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Swimmers ready for final session

22 August 2014

SWIMMING: Australia is in the running for four more medals on the last day of the swimming competition at the Youth Olympic Games in Nanjing, China.

In the morning session on Friday, Nic Groenewald qualified sixth for the men’s 200m backstroke final and the mixed 4x100m medley relay team finished third in a tough heat to make the final.

Ami Matsuo (50m freestyle) and Brianna Throssell (100m butterfly) had already qualified for the finals and will also race in the final session of swimming tonight.

Groenewald says narrowly missing the finals in two other events throughout week really helped motivate him in the pool today.

Clocking a time of 2:01.82, just under his personal best, the 17-year-old Victorian qualified sixth in the 200m backstroke and says he still has plenty left in the tank.

“I didn’t work my underwaters as well as I probably should have, and I think in the third 50m I sort of relaxed a little bit too much, so I have a bit left to put in that middle hundred,” the Victorian said.

“It would be nice to get in the medal chances. I think I just really want to do the best that I can. I was a little disappointed with my results earlier in the week, just coming ninth sucks even though I did a PB, so hopefully I can just squeeze into a medal- that would be really nice.”

It is the same mentality for the mixed 4x100m relay team who swam a consistent race to touch the wall in third with a time of 3:55.34, not far behind powerhouses Russia and China who have dominated the pool this meet.

Featuring Amy Forrester, Grayson Bell, Throssell and Kyle Chalmers in the morning session, the final team is not yet decided, with coach Tracey Menzies saying there is an immense amount of tactics involved in swimming- especially in a relay.

“When looking at tonight, we’ve also got to look at how we can protect the rest of the team- the ones that are racing tonight, and not putting the onus on them that they have to stand up and perform after standing up and doing their individual event. So when you have to select the team, it’s not just about what somebody can do, it’s about what they can give for the team as well,” Menzies said.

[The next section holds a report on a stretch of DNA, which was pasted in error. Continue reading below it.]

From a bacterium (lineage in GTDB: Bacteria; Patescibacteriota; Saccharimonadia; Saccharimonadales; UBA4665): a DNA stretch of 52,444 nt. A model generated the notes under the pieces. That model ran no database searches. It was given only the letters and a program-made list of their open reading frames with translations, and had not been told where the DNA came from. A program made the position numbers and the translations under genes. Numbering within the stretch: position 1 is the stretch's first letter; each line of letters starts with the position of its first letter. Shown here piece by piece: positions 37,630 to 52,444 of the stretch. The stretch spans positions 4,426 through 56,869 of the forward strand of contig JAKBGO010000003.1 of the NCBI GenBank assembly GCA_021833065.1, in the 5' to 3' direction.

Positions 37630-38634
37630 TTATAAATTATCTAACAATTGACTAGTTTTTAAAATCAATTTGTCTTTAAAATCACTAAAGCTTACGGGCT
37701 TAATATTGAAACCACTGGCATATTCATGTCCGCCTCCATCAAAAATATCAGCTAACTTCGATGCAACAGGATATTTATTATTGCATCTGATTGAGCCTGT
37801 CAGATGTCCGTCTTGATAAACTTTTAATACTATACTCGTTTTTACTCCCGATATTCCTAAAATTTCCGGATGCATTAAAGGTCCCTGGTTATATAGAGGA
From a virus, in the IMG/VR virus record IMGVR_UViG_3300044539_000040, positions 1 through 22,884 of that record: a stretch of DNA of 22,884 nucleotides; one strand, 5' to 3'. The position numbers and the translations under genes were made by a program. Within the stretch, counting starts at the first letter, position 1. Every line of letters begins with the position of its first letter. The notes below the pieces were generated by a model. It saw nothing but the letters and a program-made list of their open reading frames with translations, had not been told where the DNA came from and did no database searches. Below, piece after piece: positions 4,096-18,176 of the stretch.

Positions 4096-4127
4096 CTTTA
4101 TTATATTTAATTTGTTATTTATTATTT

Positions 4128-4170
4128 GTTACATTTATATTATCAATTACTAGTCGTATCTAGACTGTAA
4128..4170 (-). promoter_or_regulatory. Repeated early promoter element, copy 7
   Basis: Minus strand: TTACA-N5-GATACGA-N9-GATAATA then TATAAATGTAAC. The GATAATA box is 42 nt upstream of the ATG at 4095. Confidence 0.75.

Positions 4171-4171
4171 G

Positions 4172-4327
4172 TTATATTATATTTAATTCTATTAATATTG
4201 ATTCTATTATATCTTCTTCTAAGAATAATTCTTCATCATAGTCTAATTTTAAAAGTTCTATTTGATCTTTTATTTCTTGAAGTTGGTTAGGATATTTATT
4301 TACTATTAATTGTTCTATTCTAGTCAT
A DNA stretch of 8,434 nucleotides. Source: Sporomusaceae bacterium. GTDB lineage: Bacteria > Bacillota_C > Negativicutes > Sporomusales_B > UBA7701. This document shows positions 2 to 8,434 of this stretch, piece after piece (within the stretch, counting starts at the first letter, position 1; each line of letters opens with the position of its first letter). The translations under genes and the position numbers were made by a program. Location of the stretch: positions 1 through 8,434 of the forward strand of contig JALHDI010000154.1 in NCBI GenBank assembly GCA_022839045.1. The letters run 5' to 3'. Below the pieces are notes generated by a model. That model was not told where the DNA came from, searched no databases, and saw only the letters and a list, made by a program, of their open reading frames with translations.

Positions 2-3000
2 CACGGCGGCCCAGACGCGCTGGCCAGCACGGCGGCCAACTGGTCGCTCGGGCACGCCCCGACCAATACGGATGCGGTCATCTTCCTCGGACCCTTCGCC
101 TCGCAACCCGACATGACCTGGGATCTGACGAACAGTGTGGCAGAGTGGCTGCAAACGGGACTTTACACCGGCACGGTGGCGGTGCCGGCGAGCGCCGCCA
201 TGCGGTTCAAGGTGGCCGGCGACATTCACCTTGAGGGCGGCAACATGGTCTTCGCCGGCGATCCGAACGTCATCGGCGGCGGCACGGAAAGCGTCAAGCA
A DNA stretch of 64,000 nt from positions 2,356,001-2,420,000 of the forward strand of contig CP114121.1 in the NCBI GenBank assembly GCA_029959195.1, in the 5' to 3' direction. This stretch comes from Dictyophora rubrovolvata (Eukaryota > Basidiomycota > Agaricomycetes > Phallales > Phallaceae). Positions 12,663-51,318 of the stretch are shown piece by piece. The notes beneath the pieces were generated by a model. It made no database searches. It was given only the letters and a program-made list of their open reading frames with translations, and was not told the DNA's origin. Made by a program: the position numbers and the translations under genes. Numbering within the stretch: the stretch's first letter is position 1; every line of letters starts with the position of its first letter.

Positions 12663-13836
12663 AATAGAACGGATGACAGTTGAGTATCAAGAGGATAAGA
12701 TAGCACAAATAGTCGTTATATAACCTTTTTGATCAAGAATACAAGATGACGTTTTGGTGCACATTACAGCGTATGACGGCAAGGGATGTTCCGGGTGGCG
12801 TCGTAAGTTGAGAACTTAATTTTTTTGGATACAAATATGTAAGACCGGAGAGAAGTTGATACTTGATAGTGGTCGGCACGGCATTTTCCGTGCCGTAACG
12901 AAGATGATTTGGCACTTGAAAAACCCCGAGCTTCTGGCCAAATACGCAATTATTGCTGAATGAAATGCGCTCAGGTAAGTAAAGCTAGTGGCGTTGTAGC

“All of them have shown that they can give, so that’s what makes it hard with selections. But picking two males and two females has definitely been a challenge in its own right.”

In other events, South Australian Ella Bond just missed out on qualifying for the women’s 200m breaststroke with a time of 2:35.39.

Similarly, Western Australian, Nic Brown failed to match the rest of the pack in the men’s 200m butterfly, finishing just outside the top eight in 2:02.28.

Having now finished the individual portion of their swimming meet, both Bond and Brown say there is plenty to look forward to in the future.

“It makes me want to try even harder and try and get to that top level,” Bond said.

“I’m just like any other swimmer, everyone wants to make the Olympic Games. I’m no different- it is definitely a goal for me,” Brown added.

With the end looming, the eight member Australian Youth Olympic Swimming section is hoping to obtain that elusive gold or silver medal they are yet to take away from the meet- to add to their seven bronze medals. But Menzies says it is not all about the medals.

“First and foremost, our goal was to come here and do your best and all of them have improved on their rankings and improved on their times,” the Olympic coach said.

“We are chasing a PB, not necessarily the gold or silver, just a PB.”

Nevertheless, the Aussie swim team are showing enormous amounts of team spirit, not only encouraging each other in their individual events but also making sacrifices for the mixed relay team with hopes to do one better than bronze for Australia to cap off an otherwise successful meet, which Menzies says is the ultimate win for Australian swimming looking to Rio 2016.

“That’s testament of the character that we have developed here and I think that’s what is important going forward to Rio... these guys are prepared to make the sacrifices that are needed to be made to get that gold medal. I think that’s the sort of thing that I take away from this meet and I think we are in good hands when you’ve got athletes that go ‘I think we need to swim this swimmer to get the result we need’ -  that is taking ownership and they have definitely come together as team to get the best result.”

Tune in at 1800 (2000 AEST) to watch the Aussies go for gold in the last session of the swimming competition at the Youth Olympic Games in Nanjing, China.

You can catch all the action via the IOC’s YouTube Channel or at Olympics.org.

Laura Judd

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